Equity Building Society (EBS) in Kenya undertook market research for the development of new products in 2001. An important finding was that clients failed to understand the difference between interest rates of 3percent per month and 10 percent for three months. Many thought the latter cost of funds was cheaper.

(Personal Communication with EBS staff, 2002)

In the context of few resources, persistent downward pressures, and complex financial landscapes, financial education can play a critical role in helping people manage and preserve the few resources they have and work toward their economic goals. However, to date, they have had almost no opportunity for financial education. What are the objectives of financial education? Broadly speaking, the purpose of financial education is to teach people concepts of money and how to manage it wisely. The aim is to enable people to become more informed financial decision makers, develop awareness of personal financial issues and choices, and learn basic skills related to earning, spending, budgeting, saving, borrowing, and investing money. Financial literacy can help people set financial goals and optimize their financial options. Financial education can cover a wide range of topics, from managing cash flow, to building assets, to managing risks, to planning ahead for the future. The relevance of topics for any given course will depend on the financial circumstances and needs of individuals or groups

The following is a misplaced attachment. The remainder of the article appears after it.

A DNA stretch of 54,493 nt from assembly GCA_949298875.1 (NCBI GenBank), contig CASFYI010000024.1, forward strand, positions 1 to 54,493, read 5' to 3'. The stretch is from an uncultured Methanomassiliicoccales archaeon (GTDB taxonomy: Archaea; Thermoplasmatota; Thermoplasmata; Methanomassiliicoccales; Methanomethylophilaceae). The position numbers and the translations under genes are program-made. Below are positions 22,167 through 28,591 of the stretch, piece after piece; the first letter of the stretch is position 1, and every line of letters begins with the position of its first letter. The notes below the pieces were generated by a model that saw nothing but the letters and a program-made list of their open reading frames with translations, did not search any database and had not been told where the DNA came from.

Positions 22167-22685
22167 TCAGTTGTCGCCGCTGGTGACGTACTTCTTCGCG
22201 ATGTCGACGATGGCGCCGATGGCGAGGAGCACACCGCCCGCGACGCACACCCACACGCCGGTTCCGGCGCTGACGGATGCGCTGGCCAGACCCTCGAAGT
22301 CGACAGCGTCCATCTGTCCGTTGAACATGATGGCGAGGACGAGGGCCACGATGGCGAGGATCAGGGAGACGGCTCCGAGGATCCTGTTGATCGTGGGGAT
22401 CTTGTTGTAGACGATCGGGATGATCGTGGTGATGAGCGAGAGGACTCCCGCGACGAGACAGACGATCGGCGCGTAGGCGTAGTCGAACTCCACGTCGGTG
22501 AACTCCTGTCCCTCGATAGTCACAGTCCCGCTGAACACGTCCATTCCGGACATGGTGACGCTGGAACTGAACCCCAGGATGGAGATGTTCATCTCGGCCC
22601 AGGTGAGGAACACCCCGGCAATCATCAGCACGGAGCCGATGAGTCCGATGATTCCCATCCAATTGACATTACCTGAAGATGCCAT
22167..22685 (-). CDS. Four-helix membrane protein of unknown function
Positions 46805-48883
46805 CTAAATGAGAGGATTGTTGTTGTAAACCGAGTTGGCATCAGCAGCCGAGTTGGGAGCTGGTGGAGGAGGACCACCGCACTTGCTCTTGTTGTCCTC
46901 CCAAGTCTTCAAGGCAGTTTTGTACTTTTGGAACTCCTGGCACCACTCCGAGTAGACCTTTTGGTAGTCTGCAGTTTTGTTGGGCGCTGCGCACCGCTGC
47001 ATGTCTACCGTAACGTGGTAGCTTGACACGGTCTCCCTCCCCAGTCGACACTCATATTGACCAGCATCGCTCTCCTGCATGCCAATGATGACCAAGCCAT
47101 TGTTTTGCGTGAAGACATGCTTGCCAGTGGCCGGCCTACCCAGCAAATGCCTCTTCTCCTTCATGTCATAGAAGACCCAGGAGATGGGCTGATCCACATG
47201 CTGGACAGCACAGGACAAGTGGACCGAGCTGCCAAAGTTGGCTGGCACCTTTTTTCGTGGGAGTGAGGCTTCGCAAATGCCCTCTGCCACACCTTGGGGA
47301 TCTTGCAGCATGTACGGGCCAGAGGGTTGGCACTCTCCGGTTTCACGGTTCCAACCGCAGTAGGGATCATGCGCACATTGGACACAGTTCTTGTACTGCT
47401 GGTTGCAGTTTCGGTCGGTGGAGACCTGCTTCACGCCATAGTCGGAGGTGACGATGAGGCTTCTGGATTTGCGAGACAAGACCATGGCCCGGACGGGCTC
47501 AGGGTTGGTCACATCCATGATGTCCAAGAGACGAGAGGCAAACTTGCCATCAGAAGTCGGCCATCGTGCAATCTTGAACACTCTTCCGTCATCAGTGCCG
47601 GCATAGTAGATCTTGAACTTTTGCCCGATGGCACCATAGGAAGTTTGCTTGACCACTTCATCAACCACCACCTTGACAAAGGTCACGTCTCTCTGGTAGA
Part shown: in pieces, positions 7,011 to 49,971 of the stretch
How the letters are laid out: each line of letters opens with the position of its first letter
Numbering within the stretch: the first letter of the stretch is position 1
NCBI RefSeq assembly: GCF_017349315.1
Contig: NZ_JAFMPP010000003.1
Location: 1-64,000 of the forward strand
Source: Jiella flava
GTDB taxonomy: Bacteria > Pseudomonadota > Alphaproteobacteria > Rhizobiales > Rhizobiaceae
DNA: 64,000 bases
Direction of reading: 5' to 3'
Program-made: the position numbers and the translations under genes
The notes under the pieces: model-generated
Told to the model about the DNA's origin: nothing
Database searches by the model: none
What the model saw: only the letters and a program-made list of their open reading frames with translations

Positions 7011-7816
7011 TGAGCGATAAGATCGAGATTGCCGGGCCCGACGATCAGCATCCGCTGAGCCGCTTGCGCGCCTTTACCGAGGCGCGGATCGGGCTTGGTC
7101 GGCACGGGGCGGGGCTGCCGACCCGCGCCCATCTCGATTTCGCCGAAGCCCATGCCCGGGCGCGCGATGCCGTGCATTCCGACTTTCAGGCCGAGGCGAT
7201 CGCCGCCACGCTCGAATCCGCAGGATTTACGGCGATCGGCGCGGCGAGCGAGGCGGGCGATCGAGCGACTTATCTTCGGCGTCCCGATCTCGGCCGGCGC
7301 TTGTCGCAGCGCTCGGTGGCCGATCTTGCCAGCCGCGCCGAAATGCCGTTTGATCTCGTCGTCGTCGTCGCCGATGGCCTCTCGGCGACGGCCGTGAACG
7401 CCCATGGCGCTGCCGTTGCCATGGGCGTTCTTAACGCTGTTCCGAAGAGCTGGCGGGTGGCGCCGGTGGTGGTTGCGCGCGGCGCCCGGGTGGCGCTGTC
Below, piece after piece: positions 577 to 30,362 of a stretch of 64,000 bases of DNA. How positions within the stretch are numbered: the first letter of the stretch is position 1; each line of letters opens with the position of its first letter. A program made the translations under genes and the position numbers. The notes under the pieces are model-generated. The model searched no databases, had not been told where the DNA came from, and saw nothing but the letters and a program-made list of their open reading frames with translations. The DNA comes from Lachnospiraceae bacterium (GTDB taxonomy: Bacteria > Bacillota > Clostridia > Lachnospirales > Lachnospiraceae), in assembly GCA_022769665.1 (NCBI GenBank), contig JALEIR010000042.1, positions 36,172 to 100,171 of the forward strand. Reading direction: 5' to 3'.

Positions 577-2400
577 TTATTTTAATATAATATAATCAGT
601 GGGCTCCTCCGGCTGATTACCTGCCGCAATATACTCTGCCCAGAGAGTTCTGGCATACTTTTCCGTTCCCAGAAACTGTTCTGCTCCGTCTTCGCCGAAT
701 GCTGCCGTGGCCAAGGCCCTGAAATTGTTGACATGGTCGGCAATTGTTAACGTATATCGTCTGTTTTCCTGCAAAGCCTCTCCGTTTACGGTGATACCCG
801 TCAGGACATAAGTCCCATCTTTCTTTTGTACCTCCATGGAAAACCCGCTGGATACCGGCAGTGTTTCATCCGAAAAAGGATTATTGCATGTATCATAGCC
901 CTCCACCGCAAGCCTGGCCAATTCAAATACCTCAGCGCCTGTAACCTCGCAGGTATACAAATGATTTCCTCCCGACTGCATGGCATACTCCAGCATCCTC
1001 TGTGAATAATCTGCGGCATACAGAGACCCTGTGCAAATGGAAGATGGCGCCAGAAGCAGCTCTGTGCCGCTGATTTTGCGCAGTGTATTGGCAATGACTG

involved, their financial landscape, their life cycle stage, and other factors related to the context in which they live and work. Box 4 lists examples of common topics covered in various financial education curricula. What are the benefits for different groups of people? In the context of developing countries, financial education is particularly relevant for people who are resource poor and who operate at the margin and are vulnerable to persistent downward financial pressures. Women, in particular, often assume responsibility for household cash management under difficult and unstable circumstances and with few resources to fall back on. They often lack the skills or knowledge to make well informed financial decisions. Financial literacy can increase their decision making power and prepare them to cope with the financial demands of daily life. It can help them prepare ahead of time for life cycle needs and deal with unexpected emergencies without assuming unnecessary debt. Financial planning can help people position themselves to take advantage of new opportunities when they present themselves. For microfinance clients, financial education can help them choose wisely among a growing number of financial options and use microfinance services to their best advantage. With better knowledge of the range of financial services available, their costs, and the risks associated with their use, clients can decide which ones best meet their needs. Improved financial management skills and behavior can help reduce the risks of running a business and financing business activities with loans. For microfinance institutions, improved ability of clients to manage debt can help keep repayment rates up and delinquency rates down. Involvement of MFIs in assessing financial education needs of clients can help staff understand financial management strategies of the poor, financial service gaps and how microfinance products and services could be improved and expanded. Ultimately, financially savvy clients can reduce portfolio risks, stimulate competition, and contribute to the growth and development of MFIs. Financial education can play a special role for young people in developing countries by helping them prepare for productive and secure futures. Adolescence is a critical time for learning basic skills related to earning, spending, saving, and investing money. However, most adolescents (and adults) learn these skills through trial and error. While money management is an important dimension of day-to-day life for everyone, money management skills can help young people grow more independent, self-confident, and prepared for the future. Knowledge and practice of good money management can reduce the vulnerability of young people to many risks associated with adolescence. Financial knowledge can open up new opportunities to work, to build assets, and to expand horizons. Financial literacy is a particularly important building block for adolescents and young people in developing countries because they often start to work at a young age – out of economic necessity. In poor households, adolescents often take on financial responsibilities at a young age. Moreover, many factors associated with risky sexual